Clark Talks Turf: Controlling basidiomycete fungi with Pedigree

By |  October 15, 2018 0 Comments
Clark Throssell headshot

Clark Throssell

Brian Aynardi, Ph.D., is a turfgrass pathologist and leads the fungicide development effort at PBI-Gordon as the company’s Northeast research scientist. You may reach Brian at for more information.

Q: Provide a brief history of Pedigree and its active ingredient, flutolanil.

Pedigree is a non-generic, SC (soluble concentrate) formulation of flutolanil. Flutolanil was discovered in the mid-1980s by Nihon Nohyaku, the parent company of the current supplier, Nichino America, and was the original SDHI fungicide. It is in FRAC (Fungicide Resistance Action Committee) Group 7.

Flutolanil is a single-site mode of action fungicide and will control only basidiomycete fungi. Pedigree will be available Oct. 1, 2018 as part of the early order program.

Q: What diseases is Pedigree most effective in controlling?

Pedigree is the gold standard for controlling brown patch (Rhizoctonia solani), large patch (Rhizoctonia solani) and fairy ring (caused by basidiomycete fungi). Flutolanil is the go-to active ingredient for these diseases.

Other diseases in the Rhizoctonia group such as brown ring patch, red thread, pink patch and southern blight also are effectively controlled by Pedigree.

We are excited about the control Pedigree provides for gray snow mold (Typhula spp.) and for leaf and sheath spot or mini-ring disease (Rhizoctonia zeae) on bermudagrass.

Superintendents can use Pedigree on all areas of the golf course, including greens, and is safe to apply to all major warm- and cool-season turfgrasses.

Q: How should superintendents incorporate Pedigree into their fungicide programs?

We’re unaware of any documented cases of resistance to flutolanil in turfgrass. This makes Pedigree a valuable rotation option for use in fungicide programs. We see it is a good fit for controlling Rhizoctonia diseases. It also can be a part of a snow-mold control plan and for preventive and curative control of fairy rings.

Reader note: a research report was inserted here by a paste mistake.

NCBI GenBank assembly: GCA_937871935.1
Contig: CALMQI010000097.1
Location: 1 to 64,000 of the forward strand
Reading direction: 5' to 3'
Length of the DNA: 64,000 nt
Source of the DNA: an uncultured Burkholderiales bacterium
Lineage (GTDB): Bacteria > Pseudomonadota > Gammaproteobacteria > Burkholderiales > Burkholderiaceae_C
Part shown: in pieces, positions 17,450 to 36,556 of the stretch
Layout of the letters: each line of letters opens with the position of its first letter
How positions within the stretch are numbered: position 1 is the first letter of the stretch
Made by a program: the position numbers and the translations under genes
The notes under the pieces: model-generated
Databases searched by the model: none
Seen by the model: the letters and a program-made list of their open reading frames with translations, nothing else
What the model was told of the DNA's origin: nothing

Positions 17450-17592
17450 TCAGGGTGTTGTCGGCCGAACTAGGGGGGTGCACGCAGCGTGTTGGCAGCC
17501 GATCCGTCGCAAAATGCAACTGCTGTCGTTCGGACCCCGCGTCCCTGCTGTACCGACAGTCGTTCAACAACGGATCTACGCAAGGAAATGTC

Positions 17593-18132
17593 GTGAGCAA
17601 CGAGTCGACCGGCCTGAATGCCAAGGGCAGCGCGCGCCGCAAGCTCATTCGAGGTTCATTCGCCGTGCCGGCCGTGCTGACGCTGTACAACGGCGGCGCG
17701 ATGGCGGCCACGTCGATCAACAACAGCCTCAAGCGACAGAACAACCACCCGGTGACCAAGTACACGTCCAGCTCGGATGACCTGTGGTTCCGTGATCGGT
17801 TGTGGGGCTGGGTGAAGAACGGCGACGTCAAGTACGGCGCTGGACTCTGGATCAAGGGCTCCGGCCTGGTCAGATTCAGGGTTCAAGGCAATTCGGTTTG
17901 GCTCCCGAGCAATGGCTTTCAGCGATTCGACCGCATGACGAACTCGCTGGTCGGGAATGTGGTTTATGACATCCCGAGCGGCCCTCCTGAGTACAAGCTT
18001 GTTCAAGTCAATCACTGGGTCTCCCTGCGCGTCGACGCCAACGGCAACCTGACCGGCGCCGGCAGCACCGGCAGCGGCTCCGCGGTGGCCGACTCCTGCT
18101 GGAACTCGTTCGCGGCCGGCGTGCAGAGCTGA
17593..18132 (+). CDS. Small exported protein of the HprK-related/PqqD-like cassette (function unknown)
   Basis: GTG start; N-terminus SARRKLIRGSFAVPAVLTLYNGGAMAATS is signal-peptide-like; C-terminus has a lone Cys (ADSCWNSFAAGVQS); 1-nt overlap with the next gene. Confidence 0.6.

Pedigree is best used as part of an integrated plan that incorporates the strong performance of active ingredients from other FRAC groups. In addition, this doesn’t just mean using PBI-Gordon branded products. We promote the proper rotation of modes of action from all companies as part of a resistance-management program.

Q: How do superintendents minimize resistance risk with Pedigree?

Rotate, rotate, rotate. Rotate fungicides from different FRAC groups. Do not make more than two consecutive applications of Pedigree, but should that happen, the next application should be a fungicide outside FRAC Group 7. Do not apply Pedigree at rates less than the label rates.

Develop and consistently implement a sound agronomic program to culturally manage the disease. Do not rely on fungicides alone. Focus on having healthy turf year-round.

Q: What tips do you have to make a Pedigree application most effective?

Uniform coverage is critical. Find the combination of nozzle type, pressure and ground speed that provides uniform coverage, with medium to medium-coarse droplets. Spray volume should be 2 gallons per 1,000 sq. ft. for foliar diseases and 2 to 4 gallons per 1,000 sq. ft. for diseases of the crown and roots. If a superintendent is targeting diseases of the crown or roots (in the thatch and soil area), irrigate with 1/8th inch water immediately after application.

Add a non-ionic surfactant to Pedigree when controlling large patch. Add a wetting agent to Pedigree when controlling fairy ring.

Q: Is there anything else you would like to add?

The SC formulation of Pedigree will be easier to work with than previous formulations that contained flutolanil. In the SC formulation, the active ingredient molecule is smaller (milled to a finer particle size), which results in better leaf surface coverage.

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